Musician Ed Sheeran has won a high court copyright fight over his 2017 hit track “Shape of You” on Wednesday, celebrating the win but criticizing what he claimed was a “culture” of making “baseless claims” of plagiarism against songwriters that are “damaging” the industry.
Ed Sheeran won a copyright case at England’s high court.
A U.K. High Court judge on Wednesday ruled that Sheeran and his co-writers had not copied from Sami Chokri, a grime artist who accused the team of ripping off his 2015 song “Oh Why” when writing “Shape of You.”
Zacaroli said Sheeran had “neither deliberately nor subconsciously copied” Chokri’s song and that the songwriter had provided “compelling evidence” to demonstrate the song had not originated with Chokri’s track.
While acknowledging similarities between “the one-bar phrase” in the two songs, Zacaroli said they are only a “starting point” for possible copyright infringement.
Claims that Sheeran had heard the song before writing “Shape of You” were “speculative,” he added.
In a video posted on social media after the ruling, Sheeran said he was “obviously happy” with the result but criticized a growing “culture” to file “baseless” copyright claims with the idea it is cheaper for a songwriter to settle than fight a claim.
Sheeran said the practice is “really damaging to the songwriting industry” and unpleasant for everyone involved.
Chokri, who performs as Sami Switch, said the “Oh I” hook in “Shape of You” was “strikingly similar” to the “Oh Why” refrain in a song he co-wrote with Ross O’Donoghue. Sheeran, alongside his “Shape of You” co-writers—Snow Patrol’s John McDaid and producer Steven McCutcheon—pre-emptively asked the High Court in 2018 to rule the trio had not infringed Chokri and O’Donoghue’s copyright, with the pair launching a copyright infringement claim months later. The case culminated in an 11-day trial in London in March, where Sheeran was branded a musical “magpie” who “habitually copies” other artists. Sheeran denied this and said he always strives to be fair with crediting others’ work.
The number of high profile copyright cases in the music industry has surged in recent years due to the rise of streaming platforms like YouTube and Spotify and the increasing size of teams behind hit songs, Brunel University intellectual property expert Hayleigh Bosher told the Guardian. Most cases are settled out of court, with artists credited to songs quietly, and there are differences between laws in different jurisdictions. There has been a particular upward trend in cases since 2015, however, when a U.S. jury found Robin Thicke and Pharrell Williams guilty of copying the “feel” of Marvin Gaye’s “Got To Give It Up” in “Blurred Lines,” one of the biggest songs of 2013. This verdict has been upheld upon appeal. Katy Perry initially lost a case alleging she stole music for her track “Dark Horse,” though this was overtuned in March after a judge said the melody was not “particularly unique or rare.” Taylor Swift is also set to face a jury trial over claims she stole elements of her hit track “Shake It Off.”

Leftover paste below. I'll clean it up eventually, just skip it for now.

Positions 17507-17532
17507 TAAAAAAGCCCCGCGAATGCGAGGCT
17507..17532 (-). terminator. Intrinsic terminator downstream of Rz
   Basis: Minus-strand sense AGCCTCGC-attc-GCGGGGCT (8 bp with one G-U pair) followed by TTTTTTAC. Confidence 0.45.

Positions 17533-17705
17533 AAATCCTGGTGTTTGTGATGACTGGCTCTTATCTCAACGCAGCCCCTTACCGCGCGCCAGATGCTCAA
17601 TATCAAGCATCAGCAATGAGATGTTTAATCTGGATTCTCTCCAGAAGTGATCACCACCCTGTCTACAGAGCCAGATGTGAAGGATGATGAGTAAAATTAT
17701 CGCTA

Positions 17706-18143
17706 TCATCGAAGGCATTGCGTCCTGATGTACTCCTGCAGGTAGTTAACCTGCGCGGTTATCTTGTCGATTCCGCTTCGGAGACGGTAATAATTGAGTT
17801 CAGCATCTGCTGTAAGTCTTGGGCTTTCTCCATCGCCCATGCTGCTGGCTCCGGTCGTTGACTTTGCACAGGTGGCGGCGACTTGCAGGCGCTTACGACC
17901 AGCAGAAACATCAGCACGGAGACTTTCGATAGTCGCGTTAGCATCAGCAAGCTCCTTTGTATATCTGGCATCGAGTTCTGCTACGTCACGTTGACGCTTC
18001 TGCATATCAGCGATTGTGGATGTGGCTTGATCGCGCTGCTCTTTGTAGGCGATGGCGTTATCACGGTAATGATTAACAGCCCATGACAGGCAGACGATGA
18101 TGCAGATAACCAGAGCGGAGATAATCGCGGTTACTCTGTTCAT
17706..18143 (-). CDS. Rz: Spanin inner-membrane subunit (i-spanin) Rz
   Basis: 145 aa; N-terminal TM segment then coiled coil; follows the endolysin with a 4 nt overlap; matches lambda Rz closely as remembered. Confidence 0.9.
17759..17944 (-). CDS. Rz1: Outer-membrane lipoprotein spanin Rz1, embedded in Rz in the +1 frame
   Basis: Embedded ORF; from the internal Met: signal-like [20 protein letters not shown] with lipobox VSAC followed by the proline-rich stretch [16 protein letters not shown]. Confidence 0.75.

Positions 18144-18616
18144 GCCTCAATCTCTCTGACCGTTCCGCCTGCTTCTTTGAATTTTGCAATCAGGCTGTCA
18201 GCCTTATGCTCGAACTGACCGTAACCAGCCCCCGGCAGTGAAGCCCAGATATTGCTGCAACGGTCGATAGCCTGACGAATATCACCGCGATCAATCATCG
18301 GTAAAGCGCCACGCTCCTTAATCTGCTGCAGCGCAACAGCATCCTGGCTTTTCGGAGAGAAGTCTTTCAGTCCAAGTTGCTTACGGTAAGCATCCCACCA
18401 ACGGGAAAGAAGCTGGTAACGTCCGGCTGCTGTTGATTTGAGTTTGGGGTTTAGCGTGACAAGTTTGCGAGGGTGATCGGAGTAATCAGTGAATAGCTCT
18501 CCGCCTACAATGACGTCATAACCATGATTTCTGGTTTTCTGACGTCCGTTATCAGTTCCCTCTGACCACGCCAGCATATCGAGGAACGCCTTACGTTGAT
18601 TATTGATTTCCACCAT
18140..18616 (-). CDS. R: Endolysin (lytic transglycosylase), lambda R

3 billion. That’s at least how many streams “Shape of You” has garnered on streaming service Spotify, more than any other song on the platform. The singer made $64 million in 2020, putting him at No. 23 on Forbes’ list of the world’s highest-paid celebrities that year.
“I feel like claims like this are way too common now and have become a culture where a claim is made with the idea that a settlement will be cheaper than taking it to court even if there is no base for the claim,” Sheeran said after the ruling.
Ed Sheeran’s ‘Shape Of You’ The Most Streamed Song In Spotify History (Forbes)
Ed Sheeran wins Shape of You copyright case (BBC)